This work is aimed at outlining a repertoire of conductors’ gestures.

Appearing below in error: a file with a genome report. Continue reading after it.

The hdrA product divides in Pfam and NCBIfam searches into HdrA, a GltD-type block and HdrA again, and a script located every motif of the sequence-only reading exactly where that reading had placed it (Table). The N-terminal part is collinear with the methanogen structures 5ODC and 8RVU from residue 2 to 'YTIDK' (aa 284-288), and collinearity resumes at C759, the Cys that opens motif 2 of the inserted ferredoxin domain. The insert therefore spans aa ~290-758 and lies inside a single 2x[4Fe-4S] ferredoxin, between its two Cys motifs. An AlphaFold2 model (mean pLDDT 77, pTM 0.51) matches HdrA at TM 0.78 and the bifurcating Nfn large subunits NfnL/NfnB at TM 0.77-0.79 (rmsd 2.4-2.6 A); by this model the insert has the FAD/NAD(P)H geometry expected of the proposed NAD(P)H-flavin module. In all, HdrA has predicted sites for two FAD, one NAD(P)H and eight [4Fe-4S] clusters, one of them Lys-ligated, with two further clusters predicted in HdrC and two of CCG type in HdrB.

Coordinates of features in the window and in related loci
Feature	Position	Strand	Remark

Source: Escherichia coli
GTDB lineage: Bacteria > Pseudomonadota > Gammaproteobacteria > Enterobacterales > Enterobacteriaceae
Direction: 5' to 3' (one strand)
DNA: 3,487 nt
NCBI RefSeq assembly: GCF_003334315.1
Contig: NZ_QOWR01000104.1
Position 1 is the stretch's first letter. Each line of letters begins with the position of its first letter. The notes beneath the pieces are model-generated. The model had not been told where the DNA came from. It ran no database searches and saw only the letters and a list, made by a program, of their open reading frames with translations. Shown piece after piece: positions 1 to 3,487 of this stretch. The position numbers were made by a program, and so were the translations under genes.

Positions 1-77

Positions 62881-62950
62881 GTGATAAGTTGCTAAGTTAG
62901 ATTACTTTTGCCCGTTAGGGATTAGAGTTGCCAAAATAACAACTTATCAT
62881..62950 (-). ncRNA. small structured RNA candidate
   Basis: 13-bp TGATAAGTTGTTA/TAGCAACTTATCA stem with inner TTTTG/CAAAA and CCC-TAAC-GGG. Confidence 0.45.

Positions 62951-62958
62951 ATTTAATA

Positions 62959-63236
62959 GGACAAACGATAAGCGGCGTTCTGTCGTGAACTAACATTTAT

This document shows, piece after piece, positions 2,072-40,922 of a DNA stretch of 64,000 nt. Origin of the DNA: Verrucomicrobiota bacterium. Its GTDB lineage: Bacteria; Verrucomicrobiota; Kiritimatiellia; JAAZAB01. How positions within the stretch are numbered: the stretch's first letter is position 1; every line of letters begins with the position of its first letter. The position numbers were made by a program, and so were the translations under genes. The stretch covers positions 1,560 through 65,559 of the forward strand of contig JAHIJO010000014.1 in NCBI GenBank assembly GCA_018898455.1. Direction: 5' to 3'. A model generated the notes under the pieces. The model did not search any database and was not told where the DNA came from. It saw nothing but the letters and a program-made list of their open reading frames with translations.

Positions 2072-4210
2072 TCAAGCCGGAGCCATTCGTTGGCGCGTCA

In this perspective, it presents two studies that investigate a specific subset of the body signals of orchestra and choir conductors, namely, the gestures for musical intensity. First, an observational qualitative study, based on a systematic coding of a corpus of fragments from orchestra concerts and rehearsals, singled out 21 gestures, in which either the gesture as a whole or some aspects of it conveyed indications for forte, piano, crescendo, or diminuendo; some are symbolic gestures, used either with the same meaning as in everyday interaction or with one specific of conductors; others are iconic gestures, both directly or indirectly iconic. Second, in a perception study, a questionnaire submitted to 77 participants tested if 8 gestures of intensity out of the 21 singled out by the coding study are in fact shared and understood, and whether they are better interpreted by music experts than by laypeople. Results showed that the tested gestures are fairly comprehensible, not only by experts but also by non-expert participants, probably due, for some gestures, to their high level of iconicity, and for others to their closeness to everyday gestures.